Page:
Latest film: Biking the Baja – In Pursuit of Whales

So excited to present the latest Two Wheeled Nomad installment of a month-long trip we made on the Baja Peninsula. It’s depicts why we live to travel by motorcycle as much as anything else, includes a handful of firsts for us and some experiences that will stay with me until the end. So put the kettle on, put feet and the volume up, and lose yourself for 15 minutes. The film was also aired on a national television show in the United States called ‘Right this minute‘, which was a nice surprise when they approached us.

Many thanks – Jason Spafford.

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28 Feb-4 Mar 2016 – Forever young at Bahía Concepción and feeling small on a limitless sea

Prizing ourselves out of San Ignacio was a whale-induced wrench. Comforted only by the fact that we were headed towards more azure bays, boojum-laden landscape—cactuses that twist and turn skyward, like inverted hairy carrots—scarred by rocky landslips amid a jumble of giant boulders. And foremost, we hoped, another helping of marine magic. The ride to get there invited the mountains to drop away, revealing a ribbon-like highway seemingly tossed into the rocks and salt lakes sparkling in the sun—flecking an otherwise dry and dusty desert.

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Even the sand can't stop me from watching the whales.

20-27 Feb 2016 – Having a whale of a time (Part 2 of 2)

Having intensively observed 50 shades of grey at Guerrero Negro, hooked us right in. Brain filters set to baleens, people and pictures frequently reinforced that San Ignacio Laguna on the west coast, just down the road from Guerrero Negro, reputed it to be the perfect breeding ground for the mysticeti (a whale without teeth). Little did they know they’d had me at hello. Antonio’s Ecotours boasted rave reports towards encounters in the same vein, as well as enjoying UNESCO World Heritage Site status. Hoping that we’d slam-dunk in the designated opening to encounter ‘Friendly whale syndrome’ again, I donned my helmet and set Pearl to roaring. Raring to get onto the rutted road leading into the laguna, what are we waiting for?

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She'll be back.

17-19 Feb 2016 – It’s no fluke when you see 50 shades of grey (Part 1 of 2)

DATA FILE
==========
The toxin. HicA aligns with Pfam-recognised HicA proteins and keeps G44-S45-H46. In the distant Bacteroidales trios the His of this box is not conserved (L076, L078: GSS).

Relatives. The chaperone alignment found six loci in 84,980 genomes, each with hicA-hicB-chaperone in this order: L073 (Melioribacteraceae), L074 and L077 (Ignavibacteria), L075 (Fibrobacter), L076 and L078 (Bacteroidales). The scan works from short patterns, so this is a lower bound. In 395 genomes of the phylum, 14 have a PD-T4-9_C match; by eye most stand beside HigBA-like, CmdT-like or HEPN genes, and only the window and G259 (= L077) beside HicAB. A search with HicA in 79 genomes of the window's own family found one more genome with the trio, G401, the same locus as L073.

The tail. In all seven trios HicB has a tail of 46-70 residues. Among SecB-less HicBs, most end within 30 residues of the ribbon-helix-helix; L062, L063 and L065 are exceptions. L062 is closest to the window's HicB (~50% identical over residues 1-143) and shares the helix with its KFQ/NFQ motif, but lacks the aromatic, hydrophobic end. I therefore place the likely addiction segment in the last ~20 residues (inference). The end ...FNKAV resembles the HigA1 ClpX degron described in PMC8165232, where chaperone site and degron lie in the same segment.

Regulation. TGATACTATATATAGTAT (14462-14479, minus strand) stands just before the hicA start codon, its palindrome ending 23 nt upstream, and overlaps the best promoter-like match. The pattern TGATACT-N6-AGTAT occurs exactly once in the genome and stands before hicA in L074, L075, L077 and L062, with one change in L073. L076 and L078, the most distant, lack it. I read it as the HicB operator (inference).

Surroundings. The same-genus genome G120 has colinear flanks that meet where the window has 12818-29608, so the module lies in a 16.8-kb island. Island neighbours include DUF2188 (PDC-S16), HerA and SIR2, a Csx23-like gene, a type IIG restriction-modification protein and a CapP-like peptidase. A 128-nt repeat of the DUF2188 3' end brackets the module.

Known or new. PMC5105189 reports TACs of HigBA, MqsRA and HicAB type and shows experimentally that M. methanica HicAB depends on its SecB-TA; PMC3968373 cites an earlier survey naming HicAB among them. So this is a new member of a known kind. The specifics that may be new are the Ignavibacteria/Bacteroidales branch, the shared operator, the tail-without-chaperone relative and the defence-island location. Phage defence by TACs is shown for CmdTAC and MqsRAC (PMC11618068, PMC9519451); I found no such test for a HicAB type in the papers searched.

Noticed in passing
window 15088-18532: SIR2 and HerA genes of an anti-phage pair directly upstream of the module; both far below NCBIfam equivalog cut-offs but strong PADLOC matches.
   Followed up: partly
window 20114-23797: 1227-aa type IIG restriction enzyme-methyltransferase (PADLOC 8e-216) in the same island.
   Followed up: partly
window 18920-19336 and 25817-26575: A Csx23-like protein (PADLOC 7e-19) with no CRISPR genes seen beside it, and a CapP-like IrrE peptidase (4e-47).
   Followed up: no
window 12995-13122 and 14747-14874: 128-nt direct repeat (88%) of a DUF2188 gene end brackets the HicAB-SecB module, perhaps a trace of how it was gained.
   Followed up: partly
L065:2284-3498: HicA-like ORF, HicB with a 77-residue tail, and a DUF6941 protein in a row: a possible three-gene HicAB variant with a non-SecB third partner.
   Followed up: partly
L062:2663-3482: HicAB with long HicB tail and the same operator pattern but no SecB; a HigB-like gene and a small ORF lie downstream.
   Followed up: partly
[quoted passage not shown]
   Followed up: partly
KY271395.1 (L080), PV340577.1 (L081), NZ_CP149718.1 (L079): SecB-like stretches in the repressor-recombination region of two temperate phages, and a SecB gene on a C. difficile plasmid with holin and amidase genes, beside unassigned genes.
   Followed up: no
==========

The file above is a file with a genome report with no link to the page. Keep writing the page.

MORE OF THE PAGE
“Thar she blows!” someone cried as puffs of vapour sprayed out from a pair of blowholes. Chins stopped wagging, giving way to the whopping 40-tonne whale breaching. Or so we’d been informed, the day before we arrived at Guerrero Negro. The prospect of encountering a mammal—post their long migration—the length of a semi-trailer truck at 6,000-stone, got me going.

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16 Feb 2016 – Nailing my knickers to the ceiling and putting dirt road demons to bed

The weather is glorious at this time of year on the Baja, in fact, it just about teeters on perfection. By day and night. I haven’t seen a single cloud blot the sky as yet on the eastern side, and may not. Without the body melting 24/7—keeps the spirits level, energy levels lively and mind sharp. A happy wife means a happy life, eh hubby-ish?

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Taking pictures at first light

13-15 Feb 2016 – New beginnings on the Baja with quite possibly the best fish tacos in town

Picnic tables amongst the pine trees of Arizona long gone, we’ve officially re-ridden onto what looks like a nosediving dragon—775-miles in body and 200-miles in girth—from Mexicali in the north to Cabo San Lucas in the south. The Baja peninsula dips its big toe into the bracing Pacific on the westside, and its pinky into the enticing Sea of Cortez along the east coast. Regardless of where on the 2,000-miles of sun bleached coastline we sink the side stands each day, I’m in need of firsts, warm sand to contour my back and I’m on a quest for one heck of a fish taco.

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Enjoying the night skies at Joshua Tree National Park, perhaps for the final time.

28 Jan-12 Feb 2016 – The eureka of going down before you can go up

An overnight pit stop in Joshua Tree National Park—a tent utopia as it goes—saw us once again ensconced in its ecological melting pot, lined by a jumble of stacked boulders and walls of imposing granite. The convergence of two great deserts: the Mojave and Colorado, blended together in a barbed landscape adorned in Sonoran flora and fauna. Such marvels of dry arid regions simply keep going about their business, adapting to relentless sun, little water and temperatures from below freezing to above 100 degrees Fahrenheit.

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